Best way to use k-mers as a predictor in my neural network
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3 months ago
Jimmy ▴ 30

I have my genome as well as some predictors (eg chromosome, GC content, etc) for a response variable, for each window of the genome. I'm working in TensorFlow.

I also want to use the k-mers or maybe k-mer frequency as a predictor. My issue is dimensionality. For example, if I want to one-hot encode all 5-mers, then that is 5! = 120 columns [EDIT: actually 5^5 = 3125], which is still feasible but only captures short-range data. If I want to encode all 10-mers, that is 10^10 columns. This does not seem like the best way to go about it.

I could also think about using a 1D-CNN (not something I've done before) but in this case my understanding is that I would be effectively just feeding in the sequence. I don't see how I could both feed in sequence data as well as features like chromosome, GC content and more.

What is the best way to go about include k-mers of a genomic window as a predictor alongside some of these other features I have mentioned?

convolutional-neural-network kmer • 528 views
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If using a CNN, you'd one-hot encode your nucleotides. There are a few ways to go about including "extra" information: 1) Include them as an extra "nucleotide", or 2) Use "Concatenate" (in Keras)

If you want to use k-mer content to predict whether your organism is bacteria or human, then just use k-mer frequencies rather than a CNN.

If you want to predict cis-regulatory profiles (e.g. scan an input sequence and say: ah hah, here's where chromatin will be accessible), then you use a CNN.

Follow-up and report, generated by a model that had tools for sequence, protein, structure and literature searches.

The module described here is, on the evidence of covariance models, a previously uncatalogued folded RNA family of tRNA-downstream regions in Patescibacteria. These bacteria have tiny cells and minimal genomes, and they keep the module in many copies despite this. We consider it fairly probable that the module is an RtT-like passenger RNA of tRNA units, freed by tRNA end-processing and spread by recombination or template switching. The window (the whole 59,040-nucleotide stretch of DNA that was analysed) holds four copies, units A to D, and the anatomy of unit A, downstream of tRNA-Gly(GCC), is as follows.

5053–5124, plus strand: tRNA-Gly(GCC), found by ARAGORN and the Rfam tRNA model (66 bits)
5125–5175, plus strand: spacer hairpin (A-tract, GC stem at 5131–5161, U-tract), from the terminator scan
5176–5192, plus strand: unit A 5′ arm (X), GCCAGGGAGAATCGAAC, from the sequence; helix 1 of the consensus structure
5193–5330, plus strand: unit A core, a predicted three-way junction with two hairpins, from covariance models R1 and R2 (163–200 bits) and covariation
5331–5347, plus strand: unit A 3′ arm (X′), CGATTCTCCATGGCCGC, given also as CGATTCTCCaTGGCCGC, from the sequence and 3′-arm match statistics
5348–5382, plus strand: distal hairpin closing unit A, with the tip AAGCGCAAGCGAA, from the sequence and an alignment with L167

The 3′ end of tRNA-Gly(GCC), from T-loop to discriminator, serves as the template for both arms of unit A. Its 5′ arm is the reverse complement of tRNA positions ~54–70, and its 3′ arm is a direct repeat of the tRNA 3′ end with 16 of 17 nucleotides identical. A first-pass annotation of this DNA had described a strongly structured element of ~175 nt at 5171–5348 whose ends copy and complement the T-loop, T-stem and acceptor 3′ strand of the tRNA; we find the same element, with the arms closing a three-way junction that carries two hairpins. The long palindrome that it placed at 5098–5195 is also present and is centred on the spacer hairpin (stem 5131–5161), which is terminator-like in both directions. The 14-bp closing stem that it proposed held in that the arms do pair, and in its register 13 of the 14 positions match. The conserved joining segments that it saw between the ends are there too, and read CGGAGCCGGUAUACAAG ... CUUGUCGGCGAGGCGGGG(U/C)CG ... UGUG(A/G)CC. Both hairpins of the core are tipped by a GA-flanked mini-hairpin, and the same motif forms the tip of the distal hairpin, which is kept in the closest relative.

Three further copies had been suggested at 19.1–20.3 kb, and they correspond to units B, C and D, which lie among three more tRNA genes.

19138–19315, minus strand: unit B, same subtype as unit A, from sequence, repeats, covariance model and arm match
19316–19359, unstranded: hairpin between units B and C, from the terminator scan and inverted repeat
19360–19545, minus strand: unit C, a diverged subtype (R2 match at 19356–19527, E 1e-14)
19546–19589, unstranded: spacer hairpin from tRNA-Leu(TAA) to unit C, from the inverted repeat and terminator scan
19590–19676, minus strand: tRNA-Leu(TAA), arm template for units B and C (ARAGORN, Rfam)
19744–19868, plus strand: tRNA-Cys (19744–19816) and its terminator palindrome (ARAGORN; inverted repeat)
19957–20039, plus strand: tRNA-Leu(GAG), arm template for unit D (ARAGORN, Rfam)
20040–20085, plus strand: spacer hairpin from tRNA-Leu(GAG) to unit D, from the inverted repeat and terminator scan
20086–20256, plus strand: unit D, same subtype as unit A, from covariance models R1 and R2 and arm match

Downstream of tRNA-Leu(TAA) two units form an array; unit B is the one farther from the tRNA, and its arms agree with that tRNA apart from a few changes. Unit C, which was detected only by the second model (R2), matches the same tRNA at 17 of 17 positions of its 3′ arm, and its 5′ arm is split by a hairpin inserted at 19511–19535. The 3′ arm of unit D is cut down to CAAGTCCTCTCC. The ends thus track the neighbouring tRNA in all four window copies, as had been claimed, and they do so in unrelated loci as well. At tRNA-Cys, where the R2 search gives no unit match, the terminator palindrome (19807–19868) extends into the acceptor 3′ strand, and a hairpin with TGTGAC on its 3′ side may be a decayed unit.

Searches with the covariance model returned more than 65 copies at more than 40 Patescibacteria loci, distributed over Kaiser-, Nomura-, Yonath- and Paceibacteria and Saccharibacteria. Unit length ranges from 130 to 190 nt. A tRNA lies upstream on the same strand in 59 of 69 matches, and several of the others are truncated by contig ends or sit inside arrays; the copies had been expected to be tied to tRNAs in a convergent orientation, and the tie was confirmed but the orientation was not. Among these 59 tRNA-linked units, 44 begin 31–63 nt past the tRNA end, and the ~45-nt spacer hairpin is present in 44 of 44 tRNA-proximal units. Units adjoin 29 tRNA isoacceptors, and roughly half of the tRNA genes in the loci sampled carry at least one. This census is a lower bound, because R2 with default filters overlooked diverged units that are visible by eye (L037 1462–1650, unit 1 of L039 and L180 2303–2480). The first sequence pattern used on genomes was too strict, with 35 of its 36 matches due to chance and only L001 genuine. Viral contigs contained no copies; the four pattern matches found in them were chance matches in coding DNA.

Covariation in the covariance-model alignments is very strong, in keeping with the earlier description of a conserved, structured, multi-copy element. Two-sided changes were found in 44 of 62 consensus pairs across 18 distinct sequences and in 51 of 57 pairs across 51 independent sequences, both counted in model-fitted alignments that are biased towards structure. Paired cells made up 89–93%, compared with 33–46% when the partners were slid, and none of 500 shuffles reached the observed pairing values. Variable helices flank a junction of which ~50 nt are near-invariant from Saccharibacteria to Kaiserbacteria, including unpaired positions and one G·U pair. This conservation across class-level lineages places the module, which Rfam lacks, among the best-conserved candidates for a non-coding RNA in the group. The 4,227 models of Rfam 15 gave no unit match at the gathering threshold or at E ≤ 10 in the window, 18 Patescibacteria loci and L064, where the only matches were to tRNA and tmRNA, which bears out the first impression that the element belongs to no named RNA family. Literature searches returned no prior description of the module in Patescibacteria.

It all depends on your prediction task :)

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Your math is a bit off. Ignoring reverse-complements, there are 4^5 = 1024 5-mers and 4^10 = 1048576 10-mers. Collapsing reverse-complements gives you 512 5-mers and 524800 10-mers. However, you don't 1-hot encode these, that's for raw sequence. Instead you use the abundance (fraction) as the input for each column.

Overall the choice of kmer length depends on the length of the features you are interested in and how much data you have for training.

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3 months ago
Mensur Dlakic ★ 26k

I think k-mer frequency may be the best way. Don't underestimate how much information is included even at the tetramer level, let alone for pentamers. Not sure what you are doing and why "long range" information is needed, but there will be a solid signal both from 4- and 5-mers.

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3 months ago

I'd look into some of the transformer-style models like DNABERT2 or The Nucleotide Transformer. We've done this for lncRNA labeling in genome assemblies: https://www.biorxiv.org/content/10.1101/2022.02.09.479647v1.full

We used DNABERT1 back then. All of these models are on HuggingFace, there's a nice benchmark here: https://huggingface.co/spaces/InstaDeepAI/nucleotide_transformer_benchmark

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